22Methods Read aloud to your child Child reads aloud to you/sibling Take turns reading with your child (paragraph/page each)Read together, in unison (Neurological Impress Method)Child reads onto a tapeChild reads along with book on tape/CD/ MP3 Player/computer/E bookSilent readingVary the use of activities to keep it interesting for everyone involvedReread ‘loved’ storiesLots of discussion about vocabularyIf concerned about your child’s progress, make an appointment with the classroom teacher
23Three levels of textIndependent text – can be familiar texts; easy to read/read for pleasure; can pick up and put down; look at the TV whilst we read it; most home readers from school; Premier’s Reading Challenge; DEAR time in class; to increase fluencyInstructional texts – these are generally texts that are used during guided reading lessons to teach children to read, with support from teacher/parent volunteer; need more concentration; need to activate strategies when understanding breaks down; may be more unknown vocabulary/technical wordsFrustration level texts – too difficult to read alone; may be read to; follow along with CD; read along with voice activation on CD ROM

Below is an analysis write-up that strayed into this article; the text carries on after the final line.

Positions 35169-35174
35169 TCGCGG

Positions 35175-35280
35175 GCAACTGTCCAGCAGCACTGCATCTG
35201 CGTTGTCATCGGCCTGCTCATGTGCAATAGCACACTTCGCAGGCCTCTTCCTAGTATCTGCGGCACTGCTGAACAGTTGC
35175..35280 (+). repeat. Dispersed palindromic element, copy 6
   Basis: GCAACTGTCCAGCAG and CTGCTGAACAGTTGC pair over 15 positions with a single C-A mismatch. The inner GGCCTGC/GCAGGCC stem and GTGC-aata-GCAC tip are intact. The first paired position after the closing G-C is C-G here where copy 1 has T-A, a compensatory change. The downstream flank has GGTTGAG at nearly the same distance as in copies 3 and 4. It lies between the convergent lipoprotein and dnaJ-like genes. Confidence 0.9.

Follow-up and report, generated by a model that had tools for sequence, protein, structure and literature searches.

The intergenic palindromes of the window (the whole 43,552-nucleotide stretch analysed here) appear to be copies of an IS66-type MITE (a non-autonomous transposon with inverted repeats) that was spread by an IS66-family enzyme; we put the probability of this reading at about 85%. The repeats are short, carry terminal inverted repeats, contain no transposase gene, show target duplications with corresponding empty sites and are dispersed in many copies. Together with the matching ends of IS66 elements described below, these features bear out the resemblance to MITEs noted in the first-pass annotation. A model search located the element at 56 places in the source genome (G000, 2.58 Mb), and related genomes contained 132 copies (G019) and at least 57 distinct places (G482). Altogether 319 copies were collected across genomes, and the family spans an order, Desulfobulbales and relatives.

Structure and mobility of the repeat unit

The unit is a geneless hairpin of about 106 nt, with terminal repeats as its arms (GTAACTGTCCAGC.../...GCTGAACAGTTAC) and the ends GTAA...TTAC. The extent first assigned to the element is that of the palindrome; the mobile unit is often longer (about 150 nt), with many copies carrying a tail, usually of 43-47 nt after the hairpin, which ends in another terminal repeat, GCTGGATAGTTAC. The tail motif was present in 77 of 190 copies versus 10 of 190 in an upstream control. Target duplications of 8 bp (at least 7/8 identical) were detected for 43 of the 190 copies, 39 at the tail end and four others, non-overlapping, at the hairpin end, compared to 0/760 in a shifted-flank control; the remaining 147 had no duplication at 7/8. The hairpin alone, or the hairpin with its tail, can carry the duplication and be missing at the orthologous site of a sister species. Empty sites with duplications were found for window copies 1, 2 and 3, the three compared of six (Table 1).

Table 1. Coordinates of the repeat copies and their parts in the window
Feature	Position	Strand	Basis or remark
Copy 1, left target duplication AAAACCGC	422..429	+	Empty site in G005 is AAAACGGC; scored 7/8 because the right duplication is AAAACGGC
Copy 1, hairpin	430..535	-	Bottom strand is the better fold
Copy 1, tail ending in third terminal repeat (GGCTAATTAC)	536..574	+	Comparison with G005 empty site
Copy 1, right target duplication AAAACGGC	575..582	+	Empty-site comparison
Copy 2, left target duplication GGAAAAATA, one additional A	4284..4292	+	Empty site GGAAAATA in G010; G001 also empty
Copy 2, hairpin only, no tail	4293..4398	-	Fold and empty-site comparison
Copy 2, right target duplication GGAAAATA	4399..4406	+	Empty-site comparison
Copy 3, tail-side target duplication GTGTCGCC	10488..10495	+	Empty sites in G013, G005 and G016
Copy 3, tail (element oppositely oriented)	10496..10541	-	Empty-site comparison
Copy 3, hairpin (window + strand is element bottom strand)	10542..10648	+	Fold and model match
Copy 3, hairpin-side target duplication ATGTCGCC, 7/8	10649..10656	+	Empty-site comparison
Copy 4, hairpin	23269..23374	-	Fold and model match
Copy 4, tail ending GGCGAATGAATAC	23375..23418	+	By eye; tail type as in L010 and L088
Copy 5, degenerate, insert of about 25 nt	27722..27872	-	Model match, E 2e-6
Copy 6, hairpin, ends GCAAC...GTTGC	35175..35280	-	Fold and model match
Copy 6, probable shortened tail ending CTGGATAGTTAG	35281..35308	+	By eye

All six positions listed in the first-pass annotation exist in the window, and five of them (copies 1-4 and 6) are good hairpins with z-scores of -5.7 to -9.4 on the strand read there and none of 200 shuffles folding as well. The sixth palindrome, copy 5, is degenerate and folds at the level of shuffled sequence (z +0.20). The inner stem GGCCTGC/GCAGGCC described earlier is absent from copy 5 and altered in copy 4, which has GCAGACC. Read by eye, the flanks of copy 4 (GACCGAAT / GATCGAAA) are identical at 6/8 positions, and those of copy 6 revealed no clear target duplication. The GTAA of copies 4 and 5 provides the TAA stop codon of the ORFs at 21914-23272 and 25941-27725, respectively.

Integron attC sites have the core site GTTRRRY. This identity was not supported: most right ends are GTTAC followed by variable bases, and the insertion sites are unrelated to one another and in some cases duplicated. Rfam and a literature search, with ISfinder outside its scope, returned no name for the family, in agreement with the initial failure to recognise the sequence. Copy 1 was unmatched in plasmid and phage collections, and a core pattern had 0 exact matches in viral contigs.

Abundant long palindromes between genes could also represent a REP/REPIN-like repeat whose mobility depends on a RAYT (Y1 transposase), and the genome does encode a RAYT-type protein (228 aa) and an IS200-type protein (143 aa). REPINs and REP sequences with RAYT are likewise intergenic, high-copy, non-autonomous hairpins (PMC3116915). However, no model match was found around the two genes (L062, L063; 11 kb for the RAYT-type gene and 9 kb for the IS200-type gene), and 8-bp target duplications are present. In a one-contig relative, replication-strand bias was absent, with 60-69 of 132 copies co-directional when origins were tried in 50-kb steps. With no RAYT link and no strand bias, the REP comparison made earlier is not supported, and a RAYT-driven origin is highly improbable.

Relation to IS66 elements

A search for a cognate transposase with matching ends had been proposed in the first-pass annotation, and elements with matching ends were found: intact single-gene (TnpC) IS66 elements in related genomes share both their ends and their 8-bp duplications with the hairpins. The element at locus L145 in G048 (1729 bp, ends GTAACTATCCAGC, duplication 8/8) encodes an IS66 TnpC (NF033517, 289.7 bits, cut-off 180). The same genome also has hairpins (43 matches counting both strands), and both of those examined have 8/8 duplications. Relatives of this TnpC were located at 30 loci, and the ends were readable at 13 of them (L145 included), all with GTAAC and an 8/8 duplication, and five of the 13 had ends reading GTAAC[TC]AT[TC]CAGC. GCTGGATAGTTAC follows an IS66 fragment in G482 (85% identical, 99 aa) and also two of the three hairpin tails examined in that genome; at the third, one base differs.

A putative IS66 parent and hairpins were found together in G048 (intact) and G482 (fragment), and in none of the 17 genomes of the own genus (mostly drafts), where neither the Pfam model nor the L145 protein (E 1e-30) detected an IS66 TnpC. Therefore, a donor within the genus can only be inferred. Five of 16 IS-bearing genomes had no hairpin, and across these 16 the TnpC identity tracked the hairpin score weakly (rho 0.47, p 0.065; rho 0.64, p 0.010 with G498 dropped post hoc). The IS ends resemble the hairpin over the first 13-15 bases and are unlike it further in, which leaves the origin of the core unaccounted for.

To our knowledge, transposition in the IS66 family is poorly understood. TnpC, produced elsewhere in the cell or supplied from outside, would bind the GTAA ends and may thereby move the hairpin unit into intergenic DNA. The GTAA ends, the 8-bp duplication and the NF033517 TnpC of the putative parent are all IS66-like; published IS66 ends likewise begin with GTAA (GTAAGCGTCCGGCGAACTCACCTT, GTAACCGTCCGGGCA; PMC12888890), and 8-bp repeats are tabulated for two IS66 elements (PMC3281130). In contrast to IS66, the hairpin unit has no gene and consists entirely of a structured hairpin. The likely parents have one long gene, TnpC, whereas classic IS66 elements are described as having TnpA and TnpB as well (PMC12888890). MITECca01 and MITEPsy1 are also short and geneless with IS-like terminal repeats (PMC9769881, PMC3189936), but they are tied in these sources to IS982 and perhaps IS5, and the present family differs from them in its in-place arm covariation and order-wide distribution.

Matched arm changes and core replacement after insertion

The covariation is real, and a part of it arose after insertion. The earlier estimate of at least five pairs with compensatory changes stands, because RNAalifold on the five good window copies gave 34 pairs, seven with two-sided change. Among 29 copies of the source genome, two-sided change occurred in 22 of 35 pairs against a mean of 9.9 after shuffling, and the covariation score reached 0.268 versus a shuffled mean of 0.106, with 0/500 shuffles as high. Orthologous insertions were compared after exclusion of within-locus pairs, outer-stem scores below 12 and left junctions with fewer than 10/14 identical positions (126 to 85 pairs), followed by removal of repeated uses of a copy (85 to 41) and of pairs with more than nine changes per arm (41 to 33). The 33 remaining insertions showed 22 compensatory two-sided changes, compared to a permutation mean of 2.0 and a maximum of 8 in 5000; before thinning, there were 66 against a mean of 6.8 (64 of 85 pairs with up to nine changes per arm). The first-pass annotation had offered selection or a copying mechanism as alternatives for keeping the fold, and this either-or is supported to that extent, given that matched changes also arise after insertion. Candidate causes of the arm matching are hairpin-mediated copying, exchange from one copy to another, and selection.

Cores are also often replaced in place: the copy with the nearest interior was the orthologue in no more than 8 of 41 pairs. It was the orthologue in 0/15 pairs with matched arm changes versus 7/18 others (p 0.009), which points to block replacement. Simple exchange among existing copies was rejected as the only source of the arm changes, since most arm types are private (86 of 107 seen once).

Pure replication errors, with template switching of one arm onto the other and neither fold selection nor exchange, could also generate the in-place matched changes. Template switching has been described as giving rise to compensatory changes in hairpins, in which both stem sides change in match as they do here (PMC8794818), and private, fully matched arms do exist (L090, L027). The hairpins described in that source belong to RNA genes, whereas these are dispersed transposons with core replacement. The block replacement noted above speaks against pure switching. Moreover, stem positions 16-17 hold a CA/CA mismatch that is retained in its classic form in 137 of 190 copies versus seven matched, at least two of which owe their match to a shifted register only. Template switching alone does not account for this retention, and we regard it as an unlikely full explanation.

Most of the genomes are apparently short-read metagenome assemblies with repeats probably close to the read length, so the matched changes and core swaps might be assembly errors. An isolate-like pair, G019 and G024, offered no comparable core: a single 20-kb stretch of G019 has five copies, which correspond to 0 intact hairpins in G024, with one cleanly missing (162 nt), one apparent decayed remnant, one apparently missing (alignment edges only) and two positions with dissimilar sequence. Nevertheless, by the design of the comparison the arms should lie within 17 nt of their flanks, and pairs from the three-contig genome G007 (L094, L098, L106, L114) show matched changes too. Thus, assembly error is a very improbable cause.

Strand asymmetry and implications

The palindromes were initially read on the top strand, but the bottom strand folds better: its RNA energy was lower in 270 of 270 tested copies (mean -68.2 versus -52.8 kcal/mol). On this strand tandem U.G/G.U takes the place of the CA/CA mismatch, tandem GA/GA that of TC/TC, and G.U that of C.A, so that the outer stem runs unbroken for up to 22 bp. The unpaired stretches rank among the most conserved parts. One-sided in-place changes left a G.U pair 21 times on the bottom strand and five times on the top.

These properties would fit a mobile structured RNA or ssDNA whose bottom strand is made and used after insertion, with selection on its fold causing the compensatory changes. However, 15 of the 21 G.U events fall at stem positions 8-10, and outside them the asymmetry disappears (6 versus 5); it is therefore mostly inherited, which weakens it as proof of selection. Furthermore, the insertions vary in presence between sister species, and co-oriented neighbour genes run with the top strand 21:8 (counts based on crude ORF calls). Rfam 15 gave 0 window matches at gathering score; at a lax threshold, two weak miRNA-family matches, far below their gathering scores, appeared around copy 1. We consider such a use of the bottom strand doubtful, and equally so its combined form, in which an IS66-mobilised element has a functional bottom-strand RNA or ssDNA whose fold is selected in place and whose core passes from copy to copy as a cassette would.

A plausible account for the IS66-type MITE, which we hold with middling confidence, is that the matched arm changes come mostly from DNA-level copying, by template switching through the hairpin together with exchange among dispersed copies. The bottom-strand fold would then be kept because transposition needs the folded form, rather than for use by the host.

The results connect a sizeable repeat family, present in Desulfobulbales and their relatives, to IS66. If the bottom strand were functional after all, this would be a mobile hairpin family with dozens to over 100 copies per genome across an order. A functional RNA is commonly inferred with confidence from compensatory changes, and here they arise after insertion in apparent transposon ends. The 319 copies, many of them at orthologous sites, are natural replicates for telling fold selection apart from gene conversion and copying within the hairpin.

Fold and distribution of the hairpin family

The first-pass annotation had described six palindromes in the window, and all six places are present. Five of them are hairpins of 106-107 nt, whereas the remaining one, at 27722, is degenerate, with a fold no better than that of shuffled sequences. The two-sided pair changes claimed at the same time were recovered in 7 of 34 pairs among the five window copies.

24keep it short, simple and moving Introducing a new bookThis should be fun and exciting sokeep it short, simple and movingBefore ReadingTalk about the author/previous books readPredict what the story may be about from title/cover/picturesDraw attention to difficult or unusual words in book – discuss meaningDiscuss places, things relevant to story.
25During ReadingIf the student makes an error or encounters an unknown word, activate the Pause, Prompt and Praise methodStep 1:Pause to give the student a chance to solve the problem.Step 2:If the mistake does not make sense, let the student read to the end of the sentence and ask them, “did that make sense?”Prompt them with a clue about meaning.If the mistake did not sound right (they mispronounced the word), prompt with a clue about how we should say the word/look at the chunks/sound combinations and discuss.If the mistake makes sense and sounds right, prompt with a clue about how the word looks. Encourage the student to guess a word that makes sense and check to see if the guess matches the sounds in the word and the look of the word.If the student pauses too long or says nothing, prompt them to read on to the end of the sentence, think about a word that would make sense, and then check that it matches the letters.Students can also be prompted to re-read to see if they can self-correct; to look for little words, prefixes, suffixes in the larger word; or to stretch out the word.After two prompts, tell the student the word. The student then rereads the sentence correctly.Step 3:Praise when the student reads correctly or self-corrects; gets a word correct after prompting; makes a good attempt at an unknown word; read with expression etc.